We have a loving Father, who gave His beloved Son to redeem us from our idolatry. When we perceive our supposed “lack”  take it to the LORD. He knows what we need, and He knows the deepest desires of our hearts. He knows our hearts in ways that we do not know our own hearts. Let us continually ask God to give us eyes to see, and the grace to find our joy in His provision.


A Door No Man Could Open

Sealed Shut by Grace
My Lord has much better for me than the thing behind the door that He  just slammed in my face. I certainly don’t have the sense or the confidence to believe it as confidently as I should, but I know that God is using all things for my good, because He’s given me the Spirit of Christ.

“If you then, though you are evil, know how to give good gifts to your children, how much more will your Father in heaven give the Holy Spirit to those who ask him!” (Luke 11:13)

Have you ever been in a situation where things wouldn’t budge? Sure it’s disappointing, but most people find alternative routes. “When one door closes another opens” is one of the most popular adages of our time. (Either that or “When God closes a door He opens a window.”)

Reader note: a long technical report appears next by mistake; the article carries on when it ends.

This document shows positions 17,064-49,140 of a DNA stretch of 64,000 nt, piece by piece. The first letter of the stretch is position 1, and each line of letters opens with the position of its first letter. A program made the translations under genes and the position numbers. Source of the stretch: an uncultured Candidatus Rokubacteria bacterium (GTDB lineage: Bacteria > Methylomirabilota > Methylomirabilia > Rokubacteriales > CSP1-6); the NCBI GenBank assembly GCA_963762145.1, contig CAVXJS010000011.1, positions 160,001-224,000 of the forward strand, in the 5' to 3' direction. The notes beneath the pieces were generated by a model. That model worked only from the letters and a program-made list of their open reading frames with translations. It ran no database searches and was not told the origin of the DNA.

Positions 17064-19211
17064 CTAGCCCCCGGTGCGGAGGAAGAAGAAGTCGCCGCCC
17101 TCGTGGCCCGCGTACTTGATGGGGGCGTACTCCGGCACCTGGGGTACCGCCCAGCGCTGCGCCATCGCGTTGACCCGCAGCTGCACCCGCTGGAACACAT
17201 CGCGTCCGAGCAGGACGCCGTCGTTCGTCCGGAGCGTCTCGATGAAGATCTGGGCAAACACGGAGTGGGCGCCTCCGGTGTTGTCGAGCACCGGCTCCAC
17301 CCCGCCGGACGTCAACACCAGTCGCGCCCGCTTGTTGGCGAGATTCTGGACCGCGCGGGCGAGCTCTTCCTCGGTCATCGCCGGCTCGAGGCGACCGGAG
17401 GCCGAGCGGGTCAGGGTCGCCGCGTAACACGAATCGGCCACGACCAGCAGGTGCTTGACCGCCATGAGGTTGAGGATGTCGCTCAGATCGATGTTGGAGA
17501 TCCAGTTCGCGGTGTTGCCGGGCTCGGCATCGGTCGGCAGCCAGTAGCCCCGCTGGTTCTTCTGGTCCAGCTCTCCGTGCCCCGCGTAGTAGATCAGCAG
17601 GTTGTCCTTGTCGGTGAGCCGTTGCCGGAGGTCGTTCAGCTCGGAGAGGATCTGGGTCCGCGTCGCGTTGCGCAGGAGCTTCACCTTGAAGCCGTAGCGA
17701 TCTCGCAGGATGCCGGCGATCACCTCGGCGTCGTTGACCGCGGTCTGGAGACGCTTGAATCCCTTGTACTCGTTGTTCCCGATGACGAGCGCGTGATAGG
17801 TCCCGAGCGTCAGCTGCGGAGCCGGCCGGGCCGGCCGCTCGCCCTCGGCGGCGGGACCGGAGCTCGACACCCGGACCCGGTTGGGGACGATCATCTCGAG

Minus the reductionistic nature of the quote, this may describe your normal experience. By default, we troubleshoot through our setbacks. Christians, whether they face very difficult situations or not,  pray to the LORD for His help. It is the blessing of our gracious LORD that people are able to hold down a stable job, that husbands and wives stay married, that children continue in the way of their parents, granted their parents have trained them in the wisdom and grace of God. Sometimes we are forgetful of these regularities. However, just because we forget, doesn’t mean that Christ isn’t continually sustaining all things by the Word of his Power.  (Heb 1:3; Col 1:17) Our Lord and Savior  is speaking to us, and the order of things visible and invisible are His words. The Scriptures are the glasses enabling us to see these things. (Matt 7:24) God isn’t going to build anything else. And if He doesn’t build, then we’re all wasting our time because it isn’t going to happen. (Psalm 127:1)  We just need the eyes to see, and the ears to hear, yet another gift from God. (Prov 20:12)